5. Loading spatial data¶
Supported by a wide variety of libraries and applications, PostGIS provides many options for loading data.
We will first load our working data from a database backup file, then review some standard ways of loading different GIS data formats using common tools.
5.1. Loading the Backup File¶
In the PgAdmin browser, right-click on the nyc database icon, and then select the Restore… option.
Browse to the location of your workshop data data directory, and select the
Click on the Restore options tab, scroll down to the Do not save section and toggle Owner to Yes.
Click the Restore button. The database restore should run to completion without errors.
After the load is complete, right click the nyc database, and select the Refresh option to update the client information about what tables exist in the database.
5.2. Loading with ogr2ogr¶
ogr2ogr is a commandline utility for converting data between GIS data formats, including common file formats and common spatial databases.
If you installed Postgres.app, then you will find
Alternately, you can download an independent build of GDAL from KyngChaos and install that.
Finally, if you have installed HomeBrew you can install the gdal package to get access to
If you installed Linux from packages,
ogr2ogrshould be installed and on your PATH already as part of the gdal or libgdal* packages.
The postgis workshop data directory includes a
2000/ sub-directory, which contains shape files from the 2000 census, that were obsoleted by data from the 2010 census. We can practice data loading using those files, to avoid creating name collisions with the data we already loaded using the backup file.
export PGPASSWORD=mydatabasepassword ogr2ogr \ -nln nyc_census_blocks_2000 \ -nlt PROMOTE_TO_MULTI \ -lco GEOMETRY_NAME=geom \ -lco FID=gid \ -lco PRECISION=NO \ Pg:'dbname=nyc host=localhost user=pramsey port=5432' \ nyc_census_blocks_2000.shp
ogr2ogr has a huge number of options, and we’re only using a handful of them here. Here is a line-by-line explanation of the command.
Rather than passing the password in the connection string, we put it in the environment, so it won’t be visible in the process list while the command runs.
The executable name! You may need to ensure the executable location is in your PATH or use the full path to the executable, depending on your setup.
-nln nyc_census_blocks_2000 \
The nln option stands for “new layer name”, and sets the table name that will be created in the target database.
-nlt PROMOTE_TO_MULTI \
The nlt option stands for “new layer type”. For shape file input in particular, the new layer type is often a “multi-part geometry”, so the system needs to be told in advance to use “MultiPolygon” instead of “Polygon” for the geometry type.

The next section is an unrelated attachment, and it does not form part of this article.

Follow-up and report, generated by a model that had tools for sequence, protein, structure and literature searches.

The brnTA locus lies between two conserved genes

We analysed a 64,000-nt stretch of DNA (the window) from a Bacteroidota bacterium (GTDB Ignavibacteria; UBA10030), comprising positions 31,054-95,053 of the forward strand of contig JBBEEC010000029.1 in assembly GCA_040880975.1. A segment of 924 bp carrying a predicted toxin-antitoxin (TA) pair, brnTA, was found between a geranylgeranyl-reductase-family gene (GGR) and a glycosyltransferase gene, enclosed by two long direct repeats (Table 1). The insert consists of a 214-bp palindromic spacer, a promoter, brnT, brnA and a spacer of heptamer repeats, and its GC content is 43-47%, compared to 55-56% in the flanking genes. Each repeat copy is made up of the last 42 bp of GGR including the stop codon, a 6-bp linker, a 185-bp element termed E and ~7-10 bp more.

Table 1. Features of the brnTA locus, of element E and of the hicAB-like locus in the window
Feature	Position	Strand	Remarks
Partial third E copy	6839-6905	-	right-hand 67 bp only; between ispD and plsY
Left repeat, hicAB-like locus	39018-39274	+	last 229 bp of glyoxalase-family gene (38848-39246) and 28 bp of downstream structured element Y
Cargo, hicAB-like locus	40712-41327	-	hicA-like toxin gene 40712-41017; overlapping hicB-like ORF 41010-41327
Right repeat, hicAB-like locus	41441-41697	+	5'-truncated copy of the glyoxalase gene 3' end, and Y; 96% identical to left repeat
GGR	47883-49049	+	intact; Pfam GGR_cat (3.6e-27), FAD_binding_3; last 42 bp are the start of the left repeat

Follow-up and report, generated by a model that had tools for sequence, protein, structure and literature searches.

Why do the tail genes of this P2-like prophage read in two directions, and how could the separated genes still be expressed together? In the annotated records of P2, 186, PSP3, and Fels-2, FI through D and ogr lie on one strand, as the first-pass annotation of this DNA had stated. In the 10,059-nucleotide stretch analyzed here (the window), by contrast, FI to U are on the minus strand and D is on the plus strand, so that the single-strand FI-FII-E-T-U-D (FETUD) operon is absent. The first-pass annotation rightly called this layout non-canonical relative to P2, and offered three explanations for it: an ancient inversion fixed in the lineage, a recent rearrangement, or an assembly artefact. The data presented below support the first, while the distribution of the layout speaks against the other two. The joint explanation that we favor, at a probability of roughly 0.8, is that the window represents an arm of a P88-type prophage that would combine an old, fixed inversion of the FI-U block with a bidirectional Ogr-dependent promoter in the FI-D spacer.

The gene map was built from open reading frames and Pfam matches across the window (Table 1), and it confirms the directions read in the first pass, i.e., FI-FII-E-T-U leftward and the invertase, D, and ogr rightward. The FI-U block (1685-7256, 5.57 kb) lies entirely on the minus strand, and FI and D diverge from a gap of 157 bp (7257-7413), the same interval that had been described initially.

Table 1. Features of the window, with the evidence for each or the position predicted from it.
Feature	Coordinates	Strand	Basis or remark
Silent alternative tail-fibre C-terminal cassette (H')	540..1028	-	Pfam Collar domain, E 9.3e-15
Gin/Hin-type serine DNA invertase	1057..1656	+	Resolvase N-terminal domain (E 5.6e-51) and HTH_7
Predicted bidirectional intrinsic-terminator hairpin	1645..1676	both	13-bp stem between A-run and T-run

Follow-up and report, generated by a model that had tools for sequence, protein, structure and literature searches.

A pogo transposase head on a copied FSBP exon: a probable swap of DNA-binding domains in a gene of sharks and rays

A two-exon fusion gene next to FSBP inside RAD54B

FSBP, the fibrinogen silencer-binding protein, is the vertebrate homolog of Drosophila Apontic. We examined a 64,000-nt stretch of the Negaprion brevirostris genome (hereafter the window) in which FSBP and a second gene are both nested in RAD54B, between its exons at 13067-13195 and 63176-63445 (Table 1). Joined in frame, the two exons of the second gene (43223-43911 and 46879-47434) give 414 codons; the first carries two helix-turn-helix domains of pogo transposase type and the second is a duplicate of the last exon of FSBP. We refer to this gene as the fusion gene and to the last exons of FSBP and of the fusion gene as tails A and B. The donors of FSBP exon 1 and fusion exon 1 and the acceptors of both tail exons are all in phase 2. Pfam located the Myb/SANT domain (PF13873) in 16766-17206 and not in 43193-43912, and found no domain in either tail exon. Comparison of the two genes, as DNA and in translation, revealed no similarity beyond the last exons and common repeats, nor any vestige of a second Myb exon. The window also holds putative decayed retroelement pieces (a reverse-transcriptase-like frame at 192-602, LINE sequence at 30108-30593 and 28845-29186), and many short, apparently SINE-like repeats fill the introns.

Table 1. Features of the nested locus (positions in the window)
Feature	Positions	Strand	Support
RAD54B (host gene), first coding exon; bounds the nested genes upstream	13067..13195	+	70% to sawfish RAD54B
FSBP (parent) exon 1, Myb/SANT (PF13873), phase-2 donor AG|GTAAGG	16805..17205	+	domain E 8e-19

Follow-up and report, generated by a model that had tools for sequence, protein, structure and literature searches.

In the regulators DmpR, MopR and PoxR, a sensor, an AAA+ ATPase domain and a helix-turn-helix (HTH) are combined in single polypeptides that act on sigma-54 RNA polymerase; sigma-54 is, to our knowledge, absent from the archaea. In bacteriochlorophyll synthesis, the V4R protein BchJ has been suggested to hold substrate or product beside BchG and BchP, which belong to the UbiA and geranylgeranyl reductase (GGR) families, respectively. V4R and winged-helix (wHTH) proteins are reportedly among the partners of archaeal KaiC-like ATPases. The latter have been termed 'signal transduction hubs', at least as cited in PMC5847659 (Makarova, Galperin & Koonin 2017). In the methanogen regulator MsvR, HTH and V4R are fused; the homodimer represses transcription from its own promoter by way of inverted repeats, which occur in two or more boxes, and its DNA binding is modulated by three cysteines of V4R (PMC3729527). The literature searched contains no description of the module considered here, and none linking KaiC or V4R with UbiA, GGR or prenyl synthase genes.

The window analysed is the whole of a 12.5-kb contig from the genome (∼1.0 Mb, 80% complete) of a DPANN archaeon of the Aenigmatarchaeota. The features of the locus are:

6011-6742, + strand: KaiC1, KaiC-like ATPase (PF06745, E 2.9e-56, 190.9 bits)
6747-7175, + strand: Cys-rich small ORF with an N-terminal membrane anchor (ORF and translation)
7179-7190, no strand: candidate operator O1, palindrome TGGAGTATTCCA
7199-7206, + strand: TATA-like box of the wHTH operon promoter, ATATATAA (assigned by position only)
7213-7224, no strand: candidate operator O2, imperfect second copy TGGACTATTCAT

-lco GEOMETRY_NAME=geom \ -lco FID=gid \ -lco PRECISION=NO \
The lco option stands for “layer create option”. Different drivers have different create options, and we are using three options for the PostgreSQL driver here.
GEOMETRY_NAME sets the column name for the geometry column. We prefer “geom” over the default, so that our tables match the standard column names in the workshop.
FID sets the primary key column name. Again we prefer “gid” which is the standard used in the workshop.
PRECISION controls how numeric fields are represented in the database. The default when loading a shape file is to use the database “numeric” type, which is more precise but sometimes harder to work with than simple number types like “integer” and “double precision”. We use “NO” to turn off the “numeric” type.
Pg:'dbname=nyc host=localhost user=pramsey port=5432' \
The order of arguments in
ogr2ogr is, roughly: executable, then options, then destination location, then source location. So this is the destination, the connection string for our PostgreSQL database. The “Pg:” portion is the driver name, and then the connection string is contained in quotation marks (because it might have embedded spaces).
The source data set in this case is the shape file we are reading. It is possible to read multiple layers in one invocation by putting the connection string here, and then following it with a list of layer names, but in this case we have just the one shape file to load.
5.3. Shapefiles? What’s that?¶
You may be asking yourself – “What’s this shapefile thing?” A “shapefile” commonly refers to a collection of files with
.dbf, and other extensions on a common prefix name (e.g., nyc_census_blocks). The actual shapefile relates specifically to files with the
.shp extension. However, the
.shp file alone is incomplete for distribution without the required supporting files.
.shp—shape format; the feature geometry itself